Children's Fiction Special: The Dark Ground by Gillian Cross<br></br> Troll Fell by Katherine Langrish<br></br>A Crack in the Line by Michael Lawrence<br></br>

Children's fiction deals with all sorts, from Nazi Germany to parallel realities. But what's worth reading? Edward Malnick (15) knows
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The Independent Culture

The Dark Ground by Gillian Cross (OXFORD £9.99)

Coming from the author of the Demon Headmaster and Wolf, The Dark Ground potentially has a tough climb up to Gillian Cross's hall of fame, buther latest reeks originality, imagination and sheer brilliance. Robert Doherty suddenly finds himself in the middle of a jungle, and Cross's gripping tale follows Robert's attempts to resolve the mystery behind his journey from reality on an aeroplane to here. The story contains mystery in all the right places, and close attention to detail brings the tale alive. A riveting masterpiece.

Troll Fell by Katherine Langrish (COLLINS £10.99)

When Peer Ulfsson's cruel uncle comes to take him away from his village not even minutes after his father's cremation, he realises that he is in for a hard life. On arrival at his uncles' mill, Peer is overworked and starved, and it's not long before he discovers that his two uncles are planning to use him as a present for the Dovreking, from the local community of trolls. The style is enthralling, and the adventure persuasive and gripping. A juicy read for children.

A Crack in the Line by Michael Lawrence (ORCHARD £12.99)

Alaric's mother died two years ago in a train derailment, when he was a mere 14 years old. Two years on, Alaric discovers a second reality, running parallel to his own life, in which he is replaced by a girl who leads a life with the exact parents that Alaric had kissed goodnight two years ago, and the exact mother that was in the terrible accident ... but in this reality she survived. The complexity of the storyline is not something that many authors could successfully handle: however, Lawrence has written with a truly cunning hand.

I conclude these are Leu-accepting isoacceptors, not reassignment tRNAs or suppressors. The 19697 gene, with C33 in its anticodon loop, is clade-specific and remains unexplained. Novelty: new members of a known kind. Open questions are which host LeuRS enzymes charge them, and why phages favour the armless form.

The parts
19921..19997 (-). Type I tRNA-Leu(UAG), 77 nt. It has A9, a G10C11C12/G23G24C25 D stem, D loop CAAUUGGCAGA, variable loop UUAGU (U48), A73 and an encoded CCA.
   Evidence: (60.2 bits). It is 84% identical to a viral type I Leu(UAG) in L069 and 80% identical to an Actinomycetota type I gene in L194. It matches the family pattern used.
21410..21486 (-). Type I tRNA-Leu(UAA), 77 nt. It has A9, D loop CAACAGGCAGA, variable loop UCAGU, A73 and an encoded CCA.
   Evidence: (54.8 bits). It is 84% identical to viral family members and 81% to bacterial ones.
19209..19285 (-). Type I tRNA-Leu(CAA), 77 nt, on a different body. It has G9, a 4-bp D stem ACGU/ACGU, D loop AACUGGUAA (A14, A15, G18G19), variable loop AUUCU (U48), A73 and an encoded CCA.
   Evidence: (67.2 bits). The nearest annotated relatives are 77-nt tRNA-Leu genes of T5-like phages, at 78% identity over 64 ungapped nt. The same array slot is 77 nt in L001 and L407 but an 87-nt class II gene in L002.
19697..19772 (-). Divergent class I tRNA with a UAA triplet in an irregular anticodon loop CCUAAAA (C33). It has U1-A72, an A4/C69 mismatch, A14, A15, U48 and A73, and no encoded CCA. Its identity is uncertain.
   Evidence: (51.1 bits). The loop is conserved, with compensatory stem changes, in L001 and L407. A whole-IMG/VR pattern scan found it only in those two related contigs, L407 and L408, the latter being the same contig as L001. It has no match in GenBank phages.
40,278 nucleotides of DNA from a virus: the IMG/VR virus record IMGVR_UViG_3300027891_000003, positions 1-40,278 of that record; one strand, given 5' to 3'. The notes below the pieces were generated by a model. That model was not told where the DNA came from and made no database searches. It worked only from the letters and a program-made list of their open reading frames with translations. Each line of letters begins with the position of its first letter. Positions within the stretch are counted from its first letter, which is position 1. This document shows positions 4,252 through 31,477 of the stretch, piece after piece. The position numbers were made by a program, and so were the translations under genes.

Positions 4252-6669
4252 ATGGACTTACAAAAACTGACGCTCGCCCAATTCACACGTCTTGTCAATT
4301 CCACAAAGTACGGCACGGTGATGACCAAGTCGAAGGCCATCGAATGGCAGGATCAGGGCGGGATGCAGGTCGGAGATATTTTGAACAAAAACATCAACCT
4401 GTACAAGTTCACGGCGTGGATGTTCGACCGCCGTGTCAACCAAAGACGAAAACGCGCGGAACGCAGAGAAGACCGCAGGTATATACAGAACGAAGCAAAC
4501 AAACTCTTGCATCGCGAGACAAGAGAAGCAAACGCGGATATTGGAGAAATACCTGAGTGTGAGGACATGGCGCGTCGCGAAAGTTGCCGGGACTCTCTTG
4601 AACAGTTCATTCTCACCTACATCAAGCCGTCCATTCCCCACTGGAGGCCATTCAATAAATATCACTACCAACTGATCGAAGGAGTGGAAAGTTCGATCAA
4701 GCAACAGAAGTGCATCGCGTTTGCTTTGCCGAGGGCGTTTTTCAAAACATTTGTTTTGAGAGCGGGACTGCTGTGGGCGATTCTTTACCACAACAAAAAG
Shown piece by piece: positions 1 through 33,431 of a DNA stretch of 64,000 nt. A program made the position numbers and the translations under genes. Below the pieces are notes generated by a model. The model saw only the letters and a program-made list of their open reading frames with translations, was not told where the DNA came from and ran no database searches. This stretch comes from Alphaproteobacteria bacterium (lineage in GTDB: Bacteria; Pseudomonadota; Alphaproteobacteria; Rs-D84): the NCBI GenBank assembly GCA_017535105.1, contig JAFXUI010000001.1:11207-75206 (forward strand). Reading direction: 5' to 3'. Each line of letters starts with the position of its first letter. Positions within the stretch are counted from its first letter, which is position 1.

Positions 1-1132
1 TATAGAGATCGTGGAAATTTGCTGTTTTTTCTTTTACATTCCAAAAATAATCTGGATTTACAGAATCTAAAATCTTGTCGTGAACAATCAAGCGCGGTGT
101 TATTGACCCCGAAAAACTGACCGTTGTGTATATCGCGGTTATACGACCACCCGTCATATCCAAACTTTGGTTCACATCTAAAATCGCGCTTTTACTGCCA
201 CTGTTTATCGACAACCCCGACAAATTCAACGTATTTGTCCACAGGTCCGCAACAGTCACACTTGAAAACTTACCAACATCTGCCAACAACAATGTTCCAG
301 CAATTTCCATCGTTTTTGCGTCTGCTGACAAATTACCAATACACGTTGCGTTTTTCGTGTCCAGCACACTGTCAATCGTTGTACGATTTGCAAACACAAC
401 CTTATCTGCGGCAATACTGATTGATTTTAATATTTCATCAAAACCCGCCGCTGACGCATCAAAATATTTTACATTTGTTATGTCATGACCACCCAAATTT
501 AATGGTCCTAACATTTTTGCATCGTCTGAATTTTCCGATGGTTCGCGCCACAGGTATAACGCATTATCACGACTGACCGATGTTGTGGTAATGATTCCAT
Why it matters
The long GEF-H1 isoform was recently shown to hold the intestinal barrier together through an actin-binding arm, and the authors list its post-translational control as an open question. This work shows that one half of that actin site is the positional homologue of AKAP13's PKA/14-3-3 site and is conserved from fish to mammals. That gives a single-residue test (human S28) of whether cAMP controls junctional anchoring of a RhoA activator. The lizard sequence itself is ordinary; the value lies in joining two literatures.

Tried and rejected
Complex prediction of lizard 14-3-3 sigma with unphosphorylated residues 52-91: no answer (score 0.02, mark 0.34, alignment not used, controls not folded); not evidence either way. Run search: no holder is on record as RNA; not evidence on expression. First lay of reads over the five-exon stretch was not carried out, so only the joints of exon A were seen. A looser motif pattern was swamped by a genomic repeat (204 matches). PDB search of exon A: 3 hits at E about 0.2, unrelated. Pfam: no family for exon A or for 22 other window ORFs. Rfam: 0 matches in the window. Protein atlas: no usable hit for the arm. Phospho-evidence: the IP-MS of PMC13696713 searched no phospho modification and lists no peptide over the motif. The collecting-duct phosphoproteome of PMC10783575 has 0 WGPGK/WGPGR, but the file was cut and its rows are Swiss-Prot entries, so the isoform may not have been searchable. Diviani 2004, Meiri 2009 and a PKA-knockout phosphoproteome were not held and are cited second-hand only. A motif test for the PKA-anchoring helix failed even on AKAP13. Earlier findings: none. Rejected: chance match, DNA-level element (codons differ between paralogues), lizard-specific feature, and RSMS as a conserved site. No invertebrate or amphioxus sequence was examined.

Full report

Freewill by Chris Lynch (BLOOMSBURY £5.99)

Freewill is the story of Will, a teenage workshop student, isolated from his peers by his lonesome nature. When Will discovers that he seems to hold some sort of curse, delivered through his woodwork, he begins to doubt himself. Lynch has developed his character to heights that are rarely reached in teenage fiction and has merged superbly the complexities of life with the paranormal. Freewill is original and gripping.

Last Train From Kummersdorf by Leslie Wilson (FABER £9.99)

Two 14-year-olds, Effi Mann and Hanno Frisch, are attempting to reach their respective families by travelling through Nazi Germany in the thick of fighting with the Russians. Their greatest fears are the Russians, but as the story progresses they discover that it is the people of their own country whom they should fear the most. Wilson has commendably made such a complex and disturbing subject suitable and indeed readable for children, but the distasteful injection of modern-day English language ("...scared shitless") devalues the power of the story.

Ruby Tanya by Robert Swindells (DOUBLEDAY £10.99)

Twelve-year-old Ruby Tanya was born into a family with an overbearingly nationalistic father, and a calm, good- natured mother. The local school in their village is attended by the children of the refugees living in the nearby refugee camp, but when a bomb goes off in the school, the effect reaches far beyond that of physical damage. The subject is very relevant today and Swindells' approach for young readers is superbly formed.

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